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Volume 71, Issue 154, Thursday, July 27, 2006

Opinion
 

Staff Editorial


EDITORIAL BOARD

                Chris Elliott                        Robyn Morrow                  Johnny Peña
                                      Fabian Sifuentes              Kristen Young


Revoking degrees shouldn't take 20 years 

Imagine a few years from now. Life after college is rewarding, and you are proud of your college-graduate status. 

Then imagine getting a letter from your beloved alma mater stating that your degree is going to be revoked like some worthless video rental membership card. That is exactly what some alumni from Ohio State University are hearing from their graduate school, The Athens News reported this month.

OSU has sent out letters to more than 50 mechanical engineering students who the university believes plagiarized on their master theses. Some of the degrees in question were awarded more than 20 years ago.

OSU is within its legal rights to withdraw master's degrees if the alumni fail to respond to the letters. The university has some fault in this scenario, which could potentially ruin careers.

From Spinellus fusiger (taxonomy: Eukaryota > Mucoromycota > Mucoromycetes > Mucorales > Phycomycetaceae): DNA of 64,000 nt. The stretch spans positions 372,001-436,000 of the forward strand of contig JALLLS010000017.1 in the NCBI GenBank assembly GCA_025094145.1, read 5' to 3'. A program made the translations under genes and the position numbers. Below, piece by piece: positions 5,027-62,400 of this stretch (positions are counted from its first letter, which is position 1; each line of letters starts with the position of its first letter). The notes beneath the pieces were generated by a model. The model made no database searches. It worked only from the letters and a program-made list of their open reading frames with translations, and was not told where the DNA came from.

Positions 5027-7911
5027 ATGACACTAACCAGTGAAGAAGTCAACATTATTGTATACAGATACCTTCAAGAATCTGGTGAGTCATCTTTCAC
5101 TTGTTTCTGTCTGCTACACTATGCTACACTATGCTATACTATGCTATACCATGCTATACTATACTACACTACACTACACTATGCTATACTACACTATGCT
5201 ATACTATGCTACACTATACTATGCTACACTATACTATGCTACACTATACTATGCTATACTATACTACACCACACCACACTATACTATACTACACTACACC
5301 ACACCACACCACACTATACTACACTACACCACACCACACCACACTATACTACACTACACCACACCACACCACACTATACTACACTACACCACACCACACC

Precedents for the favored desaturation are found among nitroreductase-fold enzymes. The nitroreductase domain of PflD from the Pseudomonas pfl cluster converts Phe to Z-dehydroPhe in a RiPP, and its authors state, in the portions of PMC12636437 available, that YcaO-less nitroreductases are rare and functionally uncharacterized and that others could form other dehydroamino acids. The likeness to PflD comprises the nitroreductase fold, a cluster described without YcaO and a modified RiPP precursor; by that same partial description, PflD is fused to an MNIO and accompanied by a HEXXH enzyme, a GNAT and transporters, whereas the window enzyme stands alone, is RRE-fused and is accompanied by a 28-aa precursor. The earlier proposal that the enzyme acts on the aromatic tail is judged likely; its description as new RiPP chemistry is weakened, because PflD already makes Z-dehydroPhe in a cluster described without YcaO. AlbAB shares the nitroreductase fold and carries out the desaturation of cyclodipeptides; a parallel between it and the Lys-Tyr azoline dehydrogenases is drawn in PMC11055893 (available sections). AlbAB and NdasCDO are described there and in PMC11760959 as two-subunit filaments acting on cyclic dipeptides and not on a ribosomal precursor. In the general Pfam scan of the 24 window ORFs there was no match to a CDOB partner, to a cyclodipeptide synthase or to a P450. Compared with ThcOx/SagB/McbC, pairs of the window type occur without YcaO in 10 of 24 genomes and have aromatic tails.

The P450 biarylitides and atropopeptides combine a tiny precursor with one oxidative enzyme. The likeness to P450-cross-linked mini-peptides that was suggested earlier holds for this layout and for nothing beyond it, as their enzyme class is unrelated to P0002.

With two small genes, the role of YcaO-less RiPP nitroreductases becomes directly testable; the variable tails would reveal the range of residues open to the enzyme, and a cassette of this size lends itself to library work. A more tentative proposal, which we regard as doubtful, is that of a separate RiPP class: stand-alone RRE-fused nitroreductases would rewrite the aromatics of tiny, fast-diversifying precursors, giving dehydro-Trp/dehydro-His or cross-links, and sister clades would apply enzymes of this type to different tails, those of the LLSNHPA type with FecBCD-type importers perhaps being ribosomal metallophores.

The Internet as we now know it didn't exist 20 years ago. Faculty couldn't Google the paper online to search for evidence of cheating. But college professors and their grading assistants have always been on the lookout for plagiarism.

Let's say that there are plagiarizers enrolled at universities across the nation, maybe even at UH, highly unlikely as that is. If they do get away with cheating, the school shouldn't wait 20 years before sending a letter telling students their degrees have been revoked.

The school is giving the alumni three options to choose from if their degree is in jeopardy. They can voluntarily forfeit the degrees; they can submit a request to rewrite the thesis, in which the student will be assigned a different thesis adviser; or the student can request a hearing to challenge the allegation.

We don't condone plagiarism or defend cheaters of any kind. Any student caught cheating should suffer the consequences. Those consequences, however, should be leveled in a timely manner.

A university should scrutinize every written word that is turned in for credit, especially in a master's program, so things like retroactive flunking don't happen.

 

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